Insurance investigators poked about in the rubble for a few days, but the property was eventually cleaned up and converted into a parking lot.
One sunny afternoon, a young man emerged from his car in the parking lot. He had on tennis shoes, blue jeans, and a T-shirt four sizes too small with the words YORK BARBELL CLUB prominently displayed on the front.
The young man stepped out onto the street and took a deep breath. The seams strained in his shirt and a young lady passing by got a glassy look on her face and walked into a parking meter.
The young man walked three blocks down the street. Four teenaged girls whispered and poked each other when he passed. Three pedestrians and a taxi driver made mental notes to join a health spa, and a middle aged lady snarled at her husband who was short and fat and smoking a large cigar.
The young man stopped at a small building with pictures of numerous bulky gentlemen in the window and lettering on the glass which announced the premises as a gymnasium specializing in fast weight gains and losses for people in need of either.
The young man entered the gym and walked into the owner's office. He sat down and cleared his throat.
The owner was dozing in his chair. He opened his eyes slowly and looked at the young man for a long time. "You know, Hanley," he said finally, "you really oughta buy a bigger T-shirt."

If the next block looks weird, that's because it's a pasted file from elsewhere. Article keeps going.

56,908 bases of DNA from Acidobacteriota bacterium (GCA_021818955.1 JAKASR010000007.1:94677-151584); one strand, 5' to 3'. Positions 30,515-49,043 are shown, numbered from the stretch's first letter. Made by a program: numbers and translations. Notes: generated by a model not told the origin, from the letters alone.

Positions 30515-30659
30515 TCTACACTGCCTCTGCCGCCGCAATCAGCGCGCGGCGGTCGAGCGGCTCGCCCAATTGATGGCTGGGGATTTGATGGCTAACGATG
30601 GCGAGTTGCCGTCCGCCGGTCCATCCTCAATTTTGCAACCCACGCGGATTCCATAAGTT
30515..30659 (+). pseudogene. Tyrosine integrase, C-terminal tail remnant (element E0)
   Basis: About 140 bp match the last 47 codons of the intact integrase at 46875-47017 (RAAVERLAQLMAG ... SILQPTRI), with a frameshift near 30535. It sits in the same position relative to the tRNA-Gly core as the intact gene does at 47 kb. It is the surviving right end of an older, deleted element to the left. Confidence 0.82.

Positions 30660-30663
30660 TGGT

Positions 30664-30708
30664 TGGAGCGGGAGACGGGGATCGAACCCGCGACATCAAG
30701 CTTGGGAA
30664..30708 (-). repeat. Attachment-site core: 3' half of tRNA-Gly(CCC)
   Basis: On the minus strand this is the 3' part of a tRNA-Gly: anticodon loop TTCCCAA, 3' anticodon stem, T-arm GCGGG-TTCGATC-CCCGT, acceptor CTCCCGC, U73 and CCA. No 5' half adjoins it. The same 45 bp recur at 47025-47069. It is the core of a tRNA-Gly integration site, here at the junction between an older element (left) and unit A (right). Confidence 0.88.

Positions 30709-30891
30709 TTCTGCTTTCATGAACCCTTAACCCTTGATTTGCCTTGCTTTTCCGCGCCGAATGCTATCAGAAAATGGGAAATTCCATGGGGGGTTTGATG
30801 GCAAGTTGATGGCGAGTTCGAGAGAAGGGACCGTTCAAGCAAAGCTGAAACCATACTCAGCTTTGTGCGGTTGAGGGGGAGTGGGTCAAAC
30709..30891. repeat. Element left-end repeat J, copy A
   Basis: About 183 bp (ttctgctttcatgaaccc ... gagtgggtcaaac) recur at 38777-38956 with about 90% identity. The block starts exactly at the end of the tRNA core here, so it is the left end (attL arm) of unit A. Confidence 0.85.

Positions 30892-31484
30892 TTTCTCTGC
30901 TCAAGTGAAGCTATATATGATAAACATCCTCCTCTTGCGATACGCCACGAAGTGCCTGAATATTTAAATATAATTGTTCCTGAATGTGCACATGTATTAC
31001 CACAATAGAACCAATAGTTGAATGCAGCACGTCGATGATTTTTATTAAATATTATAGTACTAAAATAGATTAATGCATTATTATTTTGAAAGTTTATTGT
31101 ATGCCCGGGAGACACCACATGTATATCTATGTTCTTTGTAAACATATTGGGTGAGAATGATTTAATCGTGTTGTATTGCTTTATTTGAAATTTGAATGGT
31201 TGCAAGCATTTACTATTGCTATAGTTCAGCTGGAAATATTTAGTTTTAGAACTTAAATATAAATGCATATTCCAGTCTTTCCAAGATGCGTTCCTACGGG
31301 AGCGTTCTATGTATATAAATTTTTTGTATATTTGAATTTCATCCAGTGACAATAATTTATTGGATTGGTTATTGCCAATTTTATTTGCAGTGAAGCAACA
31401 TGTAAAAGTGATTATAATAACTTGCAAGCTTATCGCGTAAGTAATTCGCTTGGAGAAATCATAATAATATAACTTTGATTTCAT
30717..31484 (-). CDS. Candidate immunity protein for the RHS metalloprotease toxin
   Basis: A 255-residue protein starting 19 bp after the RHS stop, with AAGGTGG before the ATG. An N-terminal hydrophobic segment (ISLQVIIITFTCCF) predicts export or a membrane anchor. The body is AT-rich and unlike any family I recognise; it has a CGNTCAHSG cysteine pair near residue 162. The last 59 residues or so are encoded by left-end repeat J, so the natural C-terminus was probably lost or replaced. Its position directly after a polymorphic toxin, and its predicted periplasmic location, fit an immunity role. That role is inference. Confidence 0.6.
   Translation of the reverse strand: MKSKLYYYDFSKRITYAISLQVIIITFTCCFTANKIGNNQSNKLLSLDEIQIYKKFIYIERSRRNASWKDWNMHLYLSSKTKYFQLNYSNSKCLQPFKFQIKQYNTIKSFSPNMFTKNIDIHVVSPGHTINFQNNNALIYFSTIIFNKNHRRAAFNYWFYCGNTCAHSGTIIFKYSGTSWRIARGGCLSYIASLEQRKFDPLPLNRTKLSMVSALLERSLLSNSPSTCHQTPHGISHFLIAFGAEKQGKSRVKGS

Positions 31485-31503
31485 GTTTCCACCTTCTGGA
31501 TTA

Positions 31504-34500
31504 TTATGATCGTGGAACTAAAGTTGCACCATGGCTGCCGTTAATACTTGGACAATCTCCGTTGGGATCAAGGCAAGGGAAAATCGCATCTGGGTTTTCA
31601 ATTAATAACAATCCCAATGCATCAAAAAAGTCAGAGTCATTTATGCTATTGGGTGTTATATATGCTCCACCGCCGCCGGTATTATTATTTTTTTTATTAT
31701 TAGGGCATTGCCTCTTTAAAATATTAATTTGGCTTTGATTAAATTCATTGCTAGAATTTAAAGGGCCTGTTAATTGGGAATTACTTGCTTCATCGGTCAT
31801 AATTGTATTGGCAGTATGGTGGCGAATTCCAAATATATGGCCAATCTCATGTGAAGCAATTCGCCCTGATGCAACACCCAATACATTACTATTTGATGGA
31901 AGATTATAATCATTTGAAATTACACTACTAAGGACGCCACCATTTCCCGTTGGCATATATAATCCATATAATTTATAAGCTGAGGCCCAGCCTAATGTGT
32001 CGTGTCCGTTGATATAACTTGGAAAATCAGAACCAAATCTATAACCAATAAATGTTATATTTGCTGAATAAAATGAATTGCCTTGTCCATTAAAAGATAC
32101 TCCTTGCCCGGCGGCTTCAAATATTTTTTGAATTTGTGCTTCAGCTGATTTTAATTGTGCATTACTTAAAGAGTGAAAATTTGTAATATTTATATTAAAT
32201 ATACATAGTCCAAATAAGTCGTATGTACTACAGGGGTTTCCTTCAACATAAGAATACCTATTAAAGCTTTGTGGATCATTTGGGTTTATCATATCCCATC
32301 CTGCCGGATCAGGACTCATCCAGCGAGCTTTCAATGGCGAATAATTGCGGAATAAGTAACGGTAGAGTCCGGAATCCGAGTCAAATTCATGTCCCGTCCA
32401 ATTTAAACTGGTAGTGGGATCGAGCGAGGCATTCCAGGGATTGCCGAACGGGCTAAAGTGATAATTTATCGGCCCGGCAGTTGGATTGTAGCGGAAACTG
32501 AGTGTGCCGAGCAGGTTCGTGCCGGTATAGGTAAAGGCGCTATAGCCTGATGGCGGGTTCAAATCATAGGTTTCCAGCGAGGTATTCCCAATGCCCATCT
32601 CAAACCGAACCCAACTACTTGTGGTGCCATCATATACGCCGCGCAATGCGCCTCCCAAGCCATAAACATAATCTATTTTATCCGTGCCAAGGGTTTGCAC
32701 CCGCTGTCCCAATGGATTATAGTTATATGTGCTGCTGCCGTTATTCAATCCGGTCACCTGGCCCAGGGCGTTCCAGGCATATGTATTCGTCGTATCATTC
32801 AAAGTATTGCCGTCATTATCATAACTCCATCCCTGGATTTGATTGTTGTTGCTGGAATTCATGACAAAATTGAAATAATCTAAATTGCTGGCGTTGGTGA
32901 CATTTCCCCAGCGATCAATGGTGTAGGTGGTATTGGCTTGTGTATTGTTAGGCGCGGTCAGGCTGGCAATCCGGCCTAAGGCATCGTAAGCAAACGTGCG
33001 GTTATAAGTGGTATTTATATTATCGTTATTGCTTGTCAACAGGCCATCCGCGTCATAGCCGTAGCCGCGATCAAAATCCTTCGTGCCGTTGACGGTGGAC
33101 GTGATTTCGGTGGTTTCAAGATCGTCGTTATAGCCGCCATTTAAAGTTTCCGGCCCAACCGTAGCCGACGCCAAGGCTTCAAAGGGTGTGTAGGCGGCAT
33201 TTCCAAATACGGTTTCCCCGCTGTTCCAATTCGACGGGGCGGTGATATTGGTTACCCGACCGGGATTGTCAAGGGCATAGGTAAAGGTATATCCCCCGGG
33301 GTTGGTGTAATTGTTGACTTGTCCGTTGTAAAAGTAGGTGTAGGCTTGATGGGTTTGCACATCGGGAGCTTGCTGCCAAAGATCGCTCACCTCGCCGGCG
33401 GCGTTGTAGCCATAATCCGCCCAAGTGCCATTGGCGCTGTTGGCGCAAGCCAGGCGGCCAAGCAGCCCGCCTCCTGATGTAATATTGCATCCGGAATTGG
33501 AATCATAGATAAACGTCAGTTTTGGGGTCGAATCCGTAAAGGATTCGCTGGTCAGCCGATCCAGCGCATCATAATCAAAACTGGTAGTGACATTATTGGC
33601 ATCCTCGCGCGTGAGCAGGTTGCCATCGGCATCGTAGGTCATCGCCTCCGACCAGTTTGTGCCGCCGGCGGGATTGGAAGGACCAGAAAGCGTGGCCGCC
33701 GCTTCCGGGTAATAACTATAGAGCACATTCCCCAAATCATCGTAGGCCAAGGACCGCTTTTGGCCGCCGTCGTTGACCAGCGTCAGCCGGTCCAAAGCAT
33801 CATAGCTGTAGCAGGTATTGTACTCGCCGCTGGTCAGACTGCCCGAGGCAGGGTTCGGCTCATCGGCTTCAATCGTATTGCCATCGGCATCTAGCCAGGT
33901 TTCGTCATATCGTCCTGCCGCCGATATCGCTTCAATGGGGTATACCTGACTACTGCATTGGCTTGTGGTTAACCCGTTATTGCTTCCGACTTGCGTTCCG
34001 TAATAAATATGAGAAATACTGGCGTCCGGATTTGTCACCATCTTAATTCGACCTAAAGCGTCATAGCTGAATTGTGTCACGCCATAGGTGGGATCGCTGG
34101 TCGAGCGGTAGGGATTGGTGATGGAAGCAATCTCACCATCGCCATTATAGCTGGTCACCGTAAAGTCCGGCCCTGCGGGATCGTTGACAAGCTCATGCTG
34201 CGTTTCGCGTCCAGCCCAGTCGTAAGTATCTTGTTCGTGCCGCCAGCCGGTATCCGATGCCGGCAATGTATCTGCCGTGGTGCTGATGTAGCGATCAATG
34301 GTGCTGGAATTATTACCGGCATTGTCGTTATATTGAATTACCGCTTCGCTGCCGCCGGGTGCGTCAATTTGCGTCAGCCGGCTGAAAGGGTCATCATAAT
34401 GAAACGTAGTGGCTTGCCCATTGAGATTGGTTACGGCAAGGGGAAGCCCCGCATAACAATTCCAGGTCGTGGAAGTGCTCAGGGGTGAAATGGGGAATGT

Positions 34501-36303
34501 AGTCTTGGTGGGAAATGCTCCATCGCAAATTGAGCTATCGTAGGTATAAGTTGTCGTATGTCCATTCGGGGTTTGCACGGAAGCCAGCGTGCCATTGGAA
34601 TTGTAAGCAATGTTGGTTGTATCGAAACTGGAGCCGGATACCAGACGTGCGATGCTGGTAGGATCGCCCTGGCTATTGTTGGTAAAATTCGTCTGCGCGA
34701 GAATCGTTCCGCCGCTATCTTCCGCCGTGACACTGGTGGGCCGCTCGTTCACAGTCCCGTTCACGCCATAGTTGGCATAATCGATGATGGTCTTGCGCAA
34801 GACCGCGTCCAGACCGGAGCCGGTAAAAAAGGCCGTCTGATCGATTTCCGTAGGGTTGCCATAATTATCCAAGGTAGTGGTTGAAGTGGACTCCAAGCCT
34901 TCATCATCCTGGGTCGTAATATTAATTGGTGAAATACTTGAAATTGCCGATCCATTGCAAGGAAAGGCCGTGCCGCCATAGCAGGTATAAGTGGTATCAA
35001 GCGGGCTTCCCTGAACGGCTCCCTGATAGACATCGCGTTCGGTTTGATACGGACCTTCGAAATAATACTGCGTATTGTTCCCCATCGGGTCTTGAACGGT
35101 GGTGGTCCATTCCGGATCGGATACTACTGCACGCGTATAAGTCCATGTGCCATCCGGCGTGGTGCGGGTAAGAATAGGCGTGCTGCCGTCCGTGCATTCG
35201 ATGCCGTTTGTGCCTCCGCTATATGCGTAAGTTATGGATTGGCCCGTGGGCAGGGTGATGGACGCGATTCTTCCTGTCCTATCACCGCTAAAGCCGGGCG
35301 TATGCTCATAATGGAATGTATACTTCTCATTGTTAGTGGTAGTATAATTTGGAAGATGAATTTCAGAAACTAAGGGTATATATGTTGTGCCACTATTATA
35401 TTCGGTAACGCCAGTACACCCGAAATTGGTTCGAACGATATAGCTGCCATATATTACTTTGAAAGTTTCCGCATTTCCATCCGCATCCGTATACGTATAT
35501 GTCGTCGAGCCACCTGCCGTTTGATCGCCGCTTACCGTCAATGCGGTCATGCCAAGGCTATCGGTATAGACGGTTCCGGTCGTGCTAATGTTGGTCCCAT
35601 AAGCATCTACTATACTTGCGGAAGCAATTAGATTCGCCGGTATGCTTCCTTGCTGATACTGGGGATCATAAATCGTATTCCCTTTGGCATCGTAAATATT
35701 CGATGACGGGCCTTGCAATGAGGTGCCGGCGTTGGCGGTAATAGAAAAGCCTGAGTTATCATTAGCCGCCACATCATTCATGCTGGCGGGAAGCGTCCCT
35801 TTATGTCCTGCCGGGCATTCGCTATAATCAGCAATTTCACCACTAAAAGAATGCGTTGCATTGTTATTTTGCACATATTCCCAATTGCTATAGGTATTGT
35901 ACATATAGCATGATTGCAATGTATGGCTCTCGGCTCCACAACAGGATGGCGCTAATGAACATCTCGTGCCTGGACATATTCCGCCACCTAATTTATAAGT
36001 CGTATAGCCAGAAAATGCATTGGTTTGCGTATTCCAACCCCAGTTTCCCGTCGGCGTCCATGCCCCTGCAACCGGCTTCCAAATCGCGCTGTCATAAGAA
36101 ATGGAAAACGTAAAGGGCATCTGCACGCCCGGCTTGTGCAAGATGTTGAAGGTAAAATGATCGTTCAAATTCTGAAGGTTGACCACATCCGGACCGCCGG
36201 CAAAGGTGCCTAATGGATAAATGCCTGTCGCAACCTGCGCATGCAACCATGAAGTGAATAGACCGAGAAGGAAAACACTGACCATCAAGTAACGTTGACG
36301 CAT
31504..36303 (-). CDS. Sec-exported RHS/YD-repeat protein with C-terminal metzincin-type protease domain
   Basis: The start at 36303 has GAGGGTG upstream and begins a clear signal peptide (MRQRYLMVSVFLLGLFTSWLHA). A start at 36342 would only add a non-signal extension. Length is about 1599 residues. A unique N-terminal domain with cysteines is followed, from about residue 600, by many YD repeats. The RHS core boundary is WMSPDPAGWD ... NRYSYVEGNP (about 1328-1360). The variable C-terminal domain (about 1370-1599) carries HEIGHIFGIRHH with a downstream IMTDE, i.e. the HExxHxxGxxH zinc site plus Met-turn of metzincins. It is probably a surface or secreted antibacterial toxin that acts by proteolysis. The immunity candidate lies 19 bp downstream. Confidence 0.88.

The young man took a deep breath and bounced his pecs. "Don't you think I look good in it?" he said.
"You look like you're strangling in it," the gym owner said. "It's at least four sizes too small."
"It's really your fault," the young man said. "You oughta buy me a new one."
The gym owner blinked. "Really?" he said. "How do you figure that?"
"It's this chest program," the young man said. "I'm growing outta my clothes."
"Tough," the gym owner said. "That's the name of the game." He sat up in his chair. "How much has your chest grown, anyway?"
"Almost five inches," said the young man. "I wouldn't have believed it."
"I told you."
"Anyway," the young man added, "I'm ready for the next step."
"You're sure you wanta keep on?" the gym owner asked him. "Your chest is really big enough now."